SURFSKI SPOTLIGHT: ISRAEL
It could’ve all turned out so differently for Israel’s surfski scene.
Eyal Abro had been importing fibreglass kayaks into Israel for around a year when he was faced with a decision.
His relatively newfound passion for paddling was still burning brightly, but it wasn’t translating into sales.
The outlook was dire.
As he recalls, he was “trying to introduce something that people just didn’t know.”
But stored at the back of one of those early containers was a possible solution…
As unlikely as it seemed.
“I was sitting with my brother and I said I’m going to try and push the surfskis, and he said, ‘Don’t do it. It’s a waste of time.’”
“I’m not the kind of person to tell that I won’t succeed,” he chuckles.
“That’s the exact kind of fuel that I need.”
Abro grew up in South Africa, but that isn’t where his paddling journey began.
As he explained to The Paddler in a previous article, which you can read here, it wasn’t until after his time in the Israeli Special Unit that he picked up a paddle.
And was instantly hooked.
“I just loved it.”
“I felt connected to it, and when I began importing boats, I loved the feeling of introducing something that was new – even though I was doing it on zero budget.”
“And that’s not something I would do again.” He laughs.
Abro wasn’t the first to bring surfskis into Israel.
In 2000, Michael Kolganov became a national hero when he claimed the nation’s fourth-ever Olympic Games medal, finishing third in the K1 500 in Sydney.
And it wasn’t just the bronze medal that he brought home with him.
Two surf lifesaving spec skis were also packed into the shipping container with his kayaks.
Speaking to Kolganov, the circumstances that lead to the boats being brought home, and what happened to them upon arrival, are unclear.
It’ believed that one of the boats was stolen, while the other simply disappeared.
Nonetheless, it was the beginning of Israel’s surfski story.
“A few years later, a couple of guys from another club brought some FENNs in, but it didn’t go anywhere.” Abro reflects.
“I made contact with them and FENN, and they all said we can go ahead and bring more boats in.
“Honestly, if it wasn’t for Keith it wouldn’t have happened.
“I managed to get 10 guys to purchase skis, and FENN gave me another 10 on consignment.
“It was a combination of Keith giving that trust and support, and it slowly started building up from there.”
The level to where the community has grown to is nothing short of breathtaking.
Abro’s club Surfski Israel Mokmowitz has 150 dedicated, passionate members.
The clubhouse looks like a first-class showroom, with sparkling skis, predominantly FENN and Think, lining every available wall and rack.
It’s the only surfski-specific club of its kind in the country, but there are a spread of training groups right along the coast, emerging from the roots of touring kayak’s popularity.
Within Surfski Israel, there are seven training groups covering all abilities.
The best of them have progressed to an extremely high standard and are comfortable paddling in all conditions.
Now, with entry-level boats more commonplace, that path to competency will only continue to be made easier.
“When I started importing skis, there was no V8 or no Bluefin,” Abro says.
“It was a sport that was just directed to athletes from a certain background… but now manufacturers have started pushing into the bigger world. And I was part of that process.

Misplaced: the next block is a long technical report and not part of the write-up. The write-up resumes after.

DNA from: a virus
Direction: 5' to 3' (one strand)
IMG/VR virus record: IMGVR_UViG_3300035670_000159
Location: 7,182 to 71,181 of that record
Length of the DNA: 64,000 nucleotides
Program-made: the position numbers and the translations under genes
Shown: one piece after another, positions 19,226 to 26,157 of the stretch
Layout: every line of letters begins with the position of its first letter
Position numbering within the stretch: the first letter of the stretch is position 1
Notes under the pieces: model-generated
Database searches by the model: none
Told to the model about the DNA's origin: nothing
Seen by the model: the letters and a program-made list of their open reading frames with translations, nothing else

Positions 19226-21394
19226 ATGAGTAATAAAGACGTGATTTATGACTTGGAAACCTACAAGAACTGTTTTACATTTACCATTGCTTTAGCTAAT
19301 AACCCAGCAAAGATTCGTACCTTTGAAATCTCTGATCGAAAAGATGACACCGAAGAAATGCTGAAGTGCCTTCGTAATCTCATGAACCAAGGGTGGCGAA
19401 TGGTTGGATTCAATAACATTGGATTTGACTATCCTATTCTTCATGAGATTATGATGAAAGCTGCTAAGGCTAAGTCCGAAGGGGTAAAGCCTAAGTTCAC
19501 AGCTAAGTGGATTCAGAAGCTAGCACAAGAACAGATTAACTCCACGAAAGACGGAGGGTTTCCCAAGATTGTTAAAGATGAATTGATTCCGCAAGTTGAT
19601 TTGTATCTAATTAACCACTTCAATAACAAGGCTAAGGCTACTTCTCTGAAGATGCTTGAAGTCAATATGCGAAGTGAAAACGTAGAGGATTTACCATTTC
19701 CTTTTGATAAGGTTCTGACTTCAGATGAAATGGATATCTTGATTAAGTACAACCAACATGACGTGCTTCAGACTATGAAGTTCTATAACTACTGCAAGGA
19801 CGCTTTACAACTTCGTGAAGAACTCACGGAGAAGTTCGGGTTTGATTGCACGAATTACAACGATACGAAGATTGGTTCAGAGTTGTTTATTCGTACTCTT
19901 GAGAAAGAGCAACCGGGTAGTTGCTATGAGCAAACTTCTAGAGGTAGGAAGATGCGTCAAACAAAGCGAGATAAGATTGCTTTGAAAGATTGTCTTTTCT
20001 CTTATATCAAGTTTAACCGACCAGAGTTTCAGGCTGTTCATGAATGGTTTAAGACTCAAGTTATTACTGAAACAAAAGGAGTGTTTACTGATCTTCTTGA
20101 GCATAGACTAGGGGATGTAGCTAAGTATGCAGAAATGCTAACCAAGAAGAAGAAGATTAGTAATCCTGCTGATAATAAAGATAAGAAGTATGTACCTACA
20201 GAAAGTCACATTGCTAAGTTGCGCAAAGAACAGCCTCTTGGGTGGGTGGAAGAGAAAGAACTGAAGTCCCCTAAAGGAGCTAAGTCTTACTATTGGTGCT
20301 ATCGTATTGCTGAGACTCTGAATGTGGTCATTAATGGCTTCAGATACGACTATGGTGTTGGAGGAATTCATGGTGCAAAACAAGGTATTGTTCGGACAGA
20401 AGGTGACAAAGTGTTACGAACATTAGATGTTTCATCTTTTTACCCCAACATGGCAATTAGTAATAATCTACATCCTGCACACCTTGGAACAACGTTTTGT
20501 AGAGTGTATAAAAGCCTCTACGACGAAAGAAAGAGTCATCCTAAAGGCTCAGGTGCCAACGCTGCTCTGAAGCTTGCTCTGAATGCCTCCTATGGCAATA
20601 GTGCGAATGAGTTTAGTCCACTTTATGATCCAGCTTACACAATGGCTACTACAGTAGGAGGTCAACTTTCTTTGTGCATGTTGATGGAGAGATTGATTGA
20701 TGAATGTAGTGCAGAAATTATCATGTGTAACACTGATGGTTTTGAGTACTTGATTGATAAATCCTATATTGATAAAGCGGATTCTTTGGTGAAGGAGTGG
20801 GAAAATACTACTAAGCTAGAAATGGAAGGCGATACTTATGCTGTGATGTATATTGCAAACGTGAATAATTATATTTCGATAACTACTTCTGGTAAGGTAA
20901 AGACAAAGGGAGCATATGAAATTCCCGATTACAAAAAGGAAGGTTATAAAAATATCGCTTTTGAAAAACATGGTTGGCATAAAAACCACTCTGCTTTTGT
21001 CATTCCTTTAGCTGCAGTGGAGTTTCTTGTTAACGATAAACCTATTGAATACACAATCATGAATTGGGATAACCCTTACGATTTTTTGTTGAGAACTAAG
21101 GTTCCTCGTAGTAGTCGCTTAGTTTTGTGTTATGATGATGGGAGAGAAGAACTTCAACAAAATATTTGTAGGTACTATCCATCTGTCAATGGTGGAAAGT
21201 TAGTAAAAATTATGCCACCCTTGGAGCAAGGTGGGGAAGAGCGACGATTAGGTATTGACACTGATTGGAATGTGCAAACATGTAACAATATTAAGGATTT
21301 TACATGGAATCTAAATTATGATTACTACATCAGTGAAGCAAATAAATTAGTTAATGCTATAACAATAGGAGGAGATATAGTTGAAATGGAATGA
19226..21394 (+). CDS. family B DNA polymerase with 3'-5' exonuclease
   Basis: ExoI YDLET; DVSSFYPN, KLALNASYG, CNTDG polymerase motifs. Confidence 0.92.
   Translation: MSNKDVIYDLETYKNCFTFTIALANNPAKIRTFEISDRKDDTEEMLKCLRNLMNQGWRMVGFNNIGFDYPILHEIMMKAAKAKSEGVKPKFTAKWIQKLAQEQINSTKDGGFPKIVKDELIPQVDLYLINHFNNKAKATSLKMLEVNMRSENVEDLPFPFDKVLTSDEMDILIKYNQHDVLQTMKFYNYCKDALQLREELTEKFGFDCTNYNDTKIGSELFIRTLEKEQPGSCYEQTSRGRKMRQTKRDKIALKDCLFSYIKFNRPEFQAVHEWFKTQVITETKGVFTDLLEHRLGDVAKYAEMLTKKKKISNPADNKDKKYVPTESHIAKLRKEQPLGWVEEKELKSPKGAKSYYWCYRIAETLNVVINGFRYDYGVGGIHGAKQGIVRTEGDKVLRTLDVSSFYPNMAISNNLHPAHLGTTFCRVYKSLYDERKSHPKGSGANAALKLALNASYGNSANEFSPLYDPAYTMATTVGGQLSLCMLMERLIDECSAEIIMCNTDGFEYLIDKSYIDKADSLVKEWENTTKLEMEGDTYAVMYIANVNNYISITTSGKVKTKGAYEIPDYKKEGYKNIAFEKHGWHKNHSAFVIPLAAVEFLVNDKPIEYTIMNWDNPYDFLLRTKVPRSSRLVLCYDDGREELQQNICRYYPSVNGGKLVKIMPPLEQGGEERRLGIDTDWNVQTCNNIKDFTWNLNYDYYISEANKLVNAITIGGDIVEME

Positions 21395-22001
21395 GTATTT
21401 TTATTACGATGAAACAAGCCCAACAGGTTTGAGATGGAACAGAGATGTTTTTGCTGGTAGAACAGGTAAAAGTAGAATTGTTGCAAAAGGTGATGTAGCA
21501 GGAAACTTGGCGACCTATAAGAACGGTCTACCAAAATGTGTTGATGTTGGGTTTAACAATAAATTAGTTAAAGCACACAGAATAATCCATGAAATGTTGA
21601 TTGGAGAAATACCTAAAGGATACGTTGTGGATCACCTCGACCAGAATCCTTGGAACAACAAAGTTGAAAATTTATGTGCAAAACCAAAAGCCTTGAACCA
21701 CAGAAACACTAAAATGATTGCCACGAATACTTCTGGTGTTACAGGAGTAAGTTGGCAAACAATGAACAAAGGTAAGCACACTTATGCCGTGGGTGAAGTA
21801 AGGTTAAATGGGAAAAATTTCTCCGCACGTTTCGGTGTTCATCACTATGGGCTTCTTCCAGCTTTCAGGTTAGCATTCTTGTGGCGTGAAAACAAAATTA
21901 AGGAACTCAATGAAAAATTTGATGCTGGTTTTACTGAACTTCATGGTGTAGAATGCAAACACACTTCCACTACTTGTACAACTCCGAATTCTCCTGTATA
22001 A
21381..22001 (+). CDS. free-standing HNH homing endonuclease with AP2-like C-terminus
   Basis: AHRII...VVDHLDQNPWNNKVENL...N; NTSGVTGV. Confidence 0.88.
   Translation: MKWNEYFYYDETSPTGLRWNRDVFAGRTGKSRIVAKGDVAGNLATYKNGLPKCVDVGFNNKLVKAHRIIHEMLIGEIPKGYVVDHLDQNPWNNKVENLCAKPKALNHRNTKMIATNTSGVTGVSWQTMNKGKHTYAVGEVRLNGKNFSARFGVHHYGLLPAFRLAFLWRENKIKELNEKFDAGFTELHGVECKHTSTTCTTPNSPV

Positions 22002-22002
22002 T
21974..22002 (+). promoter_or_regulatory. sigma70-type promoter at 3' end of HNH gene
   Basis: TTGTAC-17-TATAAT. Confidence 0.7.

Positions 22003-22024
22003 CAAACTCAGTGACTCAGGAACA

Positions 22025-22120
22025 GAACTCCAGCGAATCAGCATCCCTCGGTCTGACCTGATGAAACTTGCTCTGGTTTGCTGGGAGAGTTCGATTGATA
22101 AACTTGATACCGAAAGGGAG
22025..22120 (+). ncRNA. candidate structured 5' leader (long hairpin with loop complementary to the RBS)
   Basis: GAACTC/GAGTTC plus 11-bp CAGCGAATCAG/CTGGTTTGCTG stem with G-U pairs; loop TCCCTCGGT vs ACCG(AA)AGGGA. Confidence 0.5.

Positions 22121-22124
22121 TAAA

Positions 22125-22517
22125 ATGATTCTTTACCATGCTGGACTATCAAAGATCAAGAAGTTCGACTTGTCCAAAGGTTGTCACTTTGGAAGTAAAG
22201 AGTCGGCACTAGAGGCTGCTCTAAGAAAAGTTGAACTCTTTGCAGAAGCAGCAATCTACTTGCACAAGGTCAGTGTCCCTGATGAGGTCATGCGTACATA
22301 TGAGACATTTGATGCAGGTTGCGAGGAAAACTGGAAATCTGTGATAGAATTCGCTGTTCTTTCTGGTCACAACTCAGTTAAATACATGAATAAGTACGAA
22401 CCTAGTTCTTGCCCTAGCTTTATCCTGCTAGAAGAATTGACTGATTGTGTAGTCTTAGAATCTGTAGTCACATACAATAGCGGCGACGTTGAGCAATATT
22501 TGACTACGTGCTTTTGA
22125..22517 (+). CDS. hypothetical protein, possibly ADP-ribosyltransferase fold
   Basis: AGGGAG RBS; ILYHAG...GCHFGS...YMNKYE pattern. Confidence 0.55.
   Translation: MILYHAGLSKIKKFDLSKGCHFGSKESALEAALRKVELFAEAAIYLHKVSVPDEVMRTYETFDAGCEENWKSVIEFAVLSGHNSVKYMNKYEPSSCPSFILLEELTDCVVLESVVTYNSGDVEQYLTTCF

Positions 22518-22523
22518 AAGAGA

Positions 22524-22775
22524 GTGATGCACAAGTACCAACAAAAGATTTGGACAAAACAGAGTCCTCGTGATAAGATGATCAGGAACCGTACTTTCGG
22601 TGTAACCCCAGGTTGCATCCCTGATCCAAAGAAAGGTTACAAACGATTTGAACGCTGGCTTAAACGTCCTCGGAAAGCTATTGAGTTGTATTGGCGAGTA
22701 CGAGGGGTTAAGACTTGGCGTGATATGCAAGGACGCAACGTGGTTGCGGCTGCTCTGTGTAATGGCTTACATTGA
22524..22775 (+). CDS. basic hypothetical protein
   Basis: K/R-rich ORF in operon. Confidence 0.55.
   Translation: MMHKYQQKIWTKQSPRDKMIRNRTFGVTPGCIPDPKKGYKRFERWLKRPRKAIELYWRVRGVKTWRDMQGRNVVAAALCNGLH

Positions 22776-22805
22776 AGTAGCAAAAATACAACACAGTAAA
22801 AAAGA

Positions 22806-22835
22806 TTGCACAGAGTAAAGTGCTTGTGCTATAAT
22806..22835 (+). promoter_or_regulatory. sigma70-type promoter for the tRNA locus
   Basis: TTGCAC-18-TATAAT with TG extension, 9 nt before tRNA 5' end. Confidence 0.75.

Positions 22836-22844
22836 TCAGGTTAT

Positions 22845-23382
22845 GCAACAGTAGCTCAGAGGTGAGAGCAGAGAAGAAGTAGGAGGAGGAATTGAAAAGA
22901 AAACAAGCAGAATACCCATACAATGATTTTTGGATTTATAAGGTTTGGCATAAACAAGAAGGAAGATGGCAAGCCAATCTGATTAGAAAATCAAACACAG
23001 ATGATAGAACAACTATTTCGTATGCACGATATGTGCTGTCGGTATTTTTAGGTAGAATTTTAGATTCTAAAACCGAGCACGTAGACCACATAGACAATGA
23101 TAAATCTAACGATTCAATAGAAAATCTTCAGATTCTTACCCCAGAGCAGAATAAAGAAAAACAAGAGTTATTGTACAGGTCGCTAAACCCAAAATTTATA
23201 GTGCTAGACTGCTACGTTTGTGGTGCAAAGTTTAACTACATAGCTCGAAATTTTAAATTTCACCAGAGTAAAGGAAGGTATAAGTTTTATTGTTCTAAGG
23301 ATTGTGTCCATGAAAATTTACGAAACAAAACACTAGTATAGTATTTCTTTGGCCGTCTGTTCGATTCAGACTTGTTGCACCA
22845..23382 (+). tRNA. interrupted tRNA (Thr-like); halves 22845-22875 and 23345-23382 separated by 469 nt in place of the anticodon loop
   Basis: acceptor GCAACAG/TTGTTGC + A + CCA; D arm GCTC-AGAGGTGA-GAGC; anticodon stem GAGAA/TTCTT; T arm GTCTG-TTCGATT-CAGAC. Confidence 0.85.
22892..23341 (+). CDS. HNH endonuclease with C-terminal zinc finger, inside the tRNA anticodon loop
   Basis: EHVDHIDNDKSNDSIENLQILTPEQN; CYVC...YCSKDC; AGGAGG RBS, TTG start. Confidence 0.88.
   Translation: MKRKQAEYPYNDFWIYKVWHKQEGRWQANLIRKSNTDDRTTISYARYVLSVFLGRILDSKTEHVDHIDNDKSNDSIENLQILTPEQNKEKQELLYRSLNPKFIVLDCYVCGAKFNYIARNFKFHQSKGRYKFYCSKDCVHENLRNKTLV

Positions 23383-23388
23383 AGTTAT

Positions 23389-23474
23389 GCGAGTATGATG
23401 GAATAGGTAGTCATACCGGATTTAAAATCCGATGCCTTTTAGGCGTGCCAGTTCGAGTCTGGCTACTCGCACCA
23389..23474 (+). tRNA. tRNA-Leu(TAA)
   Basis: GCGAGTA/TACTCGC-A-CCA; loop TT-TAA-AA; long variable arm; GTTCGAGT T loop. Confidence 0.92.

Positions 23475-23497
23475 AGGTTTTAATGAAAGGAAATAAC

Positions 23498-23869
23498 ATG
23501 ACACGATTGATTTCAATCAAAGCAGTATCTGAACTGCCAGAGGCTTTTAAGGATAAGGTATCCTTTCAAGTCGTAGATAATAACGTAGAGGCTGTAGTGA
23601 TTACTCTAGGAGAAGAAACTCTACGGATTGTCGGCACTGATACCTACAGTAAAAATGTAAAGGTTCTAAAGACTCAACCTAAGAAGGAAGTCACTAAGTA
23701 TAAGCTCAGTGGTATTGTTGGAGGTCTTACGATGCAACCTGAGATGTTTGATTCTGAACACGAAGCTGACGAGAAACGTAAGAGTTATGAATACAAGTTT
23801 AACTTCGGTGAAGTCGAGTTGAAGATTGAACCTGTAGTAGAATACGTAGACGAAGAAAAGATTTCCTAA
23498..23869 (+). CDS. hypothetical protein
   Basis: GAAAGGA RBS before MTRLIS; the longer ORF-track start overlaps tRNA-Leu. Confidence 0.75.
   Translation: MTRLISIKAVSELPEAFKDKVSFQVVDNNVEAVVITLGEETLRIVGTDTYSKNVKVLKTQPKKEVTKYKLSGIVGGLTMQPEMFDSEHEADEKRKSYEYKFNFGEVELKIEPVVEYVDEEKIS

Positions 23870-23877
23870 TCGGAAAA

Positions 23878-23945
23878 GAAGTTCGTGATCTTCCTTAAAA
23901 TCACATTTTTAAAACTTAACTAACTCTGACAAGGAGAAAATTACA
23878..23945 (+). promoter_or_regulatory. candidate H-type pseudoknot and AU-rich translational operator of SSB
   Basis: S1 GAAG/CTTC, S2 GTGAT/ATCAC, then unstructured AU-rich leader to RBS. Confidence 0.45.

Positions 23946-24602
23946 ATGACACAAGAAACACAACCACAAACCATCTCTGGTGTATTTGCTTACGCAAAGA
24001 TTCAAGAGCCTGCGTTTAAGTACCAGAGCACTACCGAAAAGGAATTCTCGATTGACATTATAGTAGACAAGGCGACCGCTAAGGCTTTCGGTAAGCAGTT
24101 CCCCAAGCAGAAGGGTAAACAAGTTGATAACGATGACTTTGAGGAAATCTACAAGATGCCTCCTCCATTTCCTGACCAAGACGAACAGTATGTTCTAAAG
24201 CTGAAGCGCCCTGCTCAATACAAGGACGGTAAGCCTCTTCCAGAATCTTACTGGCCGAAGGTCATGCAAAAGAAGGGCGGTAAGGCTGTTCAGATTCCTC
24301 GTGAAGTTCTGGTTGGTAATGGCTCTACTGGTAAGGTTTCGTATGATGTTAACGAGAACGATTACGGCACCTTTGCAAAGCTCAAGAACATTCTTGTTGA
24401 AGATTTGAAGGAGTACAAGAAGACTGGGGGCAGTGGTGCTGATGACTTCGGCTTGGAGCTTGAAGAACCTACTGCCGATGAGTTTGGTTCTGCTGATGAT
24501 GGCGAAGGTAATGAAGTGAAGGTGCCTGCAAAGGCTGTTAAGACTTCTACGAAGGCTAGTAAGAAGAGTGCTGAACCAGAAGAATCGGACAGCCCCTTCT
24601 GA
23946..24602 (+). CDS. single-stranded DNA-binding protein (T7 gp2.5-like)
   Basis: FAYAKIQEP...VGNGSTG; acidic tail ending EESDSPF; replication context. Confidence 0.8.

“I look at surfski and think – how is this sport not bigger than what it is?
“Over the past five years in Israel, more and more people are looking to the ocean for something to feel more connected to.
“For some people, they see SUPs and for other that’s surfski.
“When we came out of quarantine, I had a big explosion. I built a new group of 15 paddlers in two months.”
The downwind paradise has gained some notable admirers.
Sean Rice is a two-time ICF World Champion and has spent years travelling to all corners of the globe racing and coaching.
And he rates Israel’s conditions up there with the best of them.
“It’s the Mediterranean, so it’s just beautiful,” he says.
“Beautiful warm weather, warm water and the sea life is incredible with fish and dolphins everywhere.
“There’s calm mornings and windy evenings, blowing north to south, parallel along the coast, so you can downwind for as long as you want to go.
“And the surf can cook too – one of my trips, I couldn’t get out through the surf for four days because it was so big… it’s not for the faint-hearted.”
Rice has been travelling to Israel to coach for the past decade, and his connection to the community there runs deep.
Together with Abro, he’s helping to spread the SEASU United program, supporting veterans.
“Communities are very important in Israel and a community has sprung out of surfski which is probably the most unique thing,” Rice says.
“I don’t think there is a community like it, that has had surfski for such a short period of time… 15 years maximum.
“They’ve done a lot with their time and they’re quite independent to the world, following their own groove.”
Abro attributes part of the surfski boom to a shift in Israeli culture.
“I think there’s a growing awareness about health and exercise,” he explains.
“More people are now out there swimming, and then they go swimming in the sea.
“And when they swim in the sea, they see surfskis and SUP.”
The perception of Israel as a paddling nation is beginning to shift too.
“Of course – people only think of military and war,” he laughs.
“But Israel is definitely a place to paddle… it’s a surfski community.